Heptode or pentagrid converter, combined the functions of local oscillator and mixer in the one valve. The 6A8G is the same valve but fitted with an octal base. 6.3 volt indirectly heated cathode, manufactured by AWV, Sydney, Australia.

Domestic superheterodyne receivers in the early 1930s used a pentode as the frequency changer in the 'Autodyne' circuit where the one valve performed the function of local oscillator and mixer. This circuit was satisfactory for operation in the broadcast band but did not work at frequencies much above 2 MHz. Short wave receivers required a separate local oscillator valve. The introduction of the 6A7 in 1933 solved this problem and permitted the production of relatively simple dual wave radios without an extra valve.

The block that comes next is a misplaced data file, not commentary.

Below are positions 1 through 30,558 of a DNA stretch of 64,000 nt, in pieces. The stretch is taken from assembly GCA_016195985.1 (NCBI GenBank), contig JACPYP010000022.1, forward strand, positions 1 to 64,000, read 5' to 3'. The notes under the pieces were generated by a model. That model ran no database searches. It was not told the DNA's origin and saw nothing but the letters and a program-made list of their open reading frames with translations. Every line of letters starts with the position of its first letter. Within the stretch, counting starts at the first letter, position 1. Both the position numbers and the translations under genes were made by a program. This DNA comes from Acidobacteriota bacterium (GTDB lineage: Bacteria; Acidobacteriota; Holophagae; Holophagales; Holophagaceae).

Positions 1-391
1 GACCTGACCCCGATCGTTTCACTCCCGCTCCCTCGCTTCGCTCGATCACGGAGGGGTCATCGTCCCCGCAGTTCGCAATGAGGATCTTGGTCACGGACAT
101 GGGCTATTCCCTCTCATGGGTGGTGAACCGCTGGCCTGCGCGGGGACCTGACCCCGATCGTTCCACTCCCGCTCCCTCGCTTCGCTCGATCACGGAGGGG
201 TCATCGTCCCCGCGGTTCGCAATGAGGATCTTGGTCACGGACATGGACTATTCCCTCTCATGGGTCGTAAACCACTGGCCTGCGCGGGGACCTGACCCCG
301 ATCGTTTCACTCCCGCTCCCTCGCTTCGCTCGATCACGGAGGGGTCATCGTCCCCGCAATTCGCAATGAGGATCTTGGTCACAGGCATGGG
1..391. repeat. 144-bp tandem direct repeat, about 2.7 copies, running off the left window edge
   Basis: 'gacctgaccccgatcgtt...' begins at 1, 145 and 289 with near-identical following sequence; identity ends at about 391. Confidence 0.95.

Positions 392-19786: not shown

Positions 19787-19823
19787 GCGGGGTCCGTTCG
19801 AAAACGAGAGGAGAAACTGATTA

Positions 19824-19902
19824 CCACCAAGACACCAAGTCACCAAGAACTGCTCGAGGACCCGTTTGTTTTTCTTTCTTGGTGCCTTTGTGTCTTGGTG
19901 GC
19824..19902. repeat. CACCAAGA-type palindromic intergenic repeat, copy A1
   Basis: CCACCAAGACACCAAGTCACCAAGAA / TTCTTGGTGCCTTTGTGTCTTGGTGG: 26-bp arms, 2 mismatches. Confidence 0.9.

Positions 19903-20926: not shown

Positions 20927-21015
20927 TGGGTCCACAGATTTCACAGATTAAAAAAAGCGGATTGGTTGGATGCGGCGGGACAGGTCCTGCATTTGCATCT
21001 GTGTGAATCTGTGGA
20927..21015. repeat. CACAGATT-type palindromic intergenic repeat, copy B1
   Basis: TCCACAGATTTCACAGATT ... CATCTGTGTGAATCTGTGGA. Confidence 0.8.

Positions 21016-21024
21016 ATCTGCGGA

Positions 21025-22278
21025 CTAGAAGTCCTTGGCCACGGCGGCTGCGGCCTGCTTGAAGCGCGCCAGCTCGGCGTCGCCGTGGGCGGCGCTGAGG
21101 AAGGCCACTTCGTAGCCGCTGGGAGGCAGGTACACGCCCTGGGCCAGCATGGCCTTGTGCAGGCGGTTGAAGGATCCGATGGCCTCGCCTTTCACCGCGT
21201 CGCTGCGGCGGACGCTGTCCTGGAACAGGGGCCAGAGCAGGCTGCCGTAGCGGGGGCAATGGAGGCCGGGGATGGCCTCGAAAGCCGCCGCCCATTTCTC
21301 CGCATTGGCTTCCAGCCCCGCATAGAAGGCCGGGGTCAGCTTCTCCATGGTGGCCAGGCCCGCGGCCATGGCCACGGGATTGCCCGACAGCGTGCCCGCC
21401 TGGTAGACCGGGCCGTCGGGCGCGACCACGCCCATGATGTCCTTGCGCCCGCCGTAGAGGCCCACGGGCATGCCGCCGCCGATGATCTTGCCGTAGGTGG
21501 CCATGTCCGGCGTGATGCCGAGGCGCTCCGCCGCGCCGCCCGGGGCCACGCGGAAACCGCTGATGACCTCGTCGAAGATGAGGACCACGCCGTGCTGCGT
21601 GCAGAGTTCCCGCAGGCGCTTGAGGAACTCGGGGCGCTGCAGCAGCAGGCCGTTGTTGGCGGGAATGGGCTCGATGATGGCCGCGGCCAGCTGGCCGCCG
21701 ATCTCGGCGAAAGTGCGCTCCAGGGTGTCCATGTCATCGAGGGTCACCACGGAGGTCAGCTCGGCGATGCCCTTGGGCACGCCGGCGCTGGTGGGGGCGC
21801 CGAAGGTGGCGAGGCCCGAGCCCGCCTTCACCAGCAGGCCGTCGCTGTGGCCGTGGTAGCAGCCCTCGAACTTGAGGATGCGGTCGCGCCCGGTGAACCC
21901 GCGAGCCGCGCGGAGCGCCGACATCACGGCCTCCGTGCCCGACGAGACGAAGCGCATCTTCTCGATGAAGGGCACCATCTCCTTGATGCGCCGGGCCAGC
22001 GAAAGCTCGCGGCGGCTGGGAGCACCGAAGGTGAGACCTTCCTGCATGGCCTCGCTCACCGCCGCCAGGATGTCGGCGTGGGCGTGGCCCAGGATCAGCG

Physical Description

Shouldered glass bulb with top cap on small 7 pin American style base.

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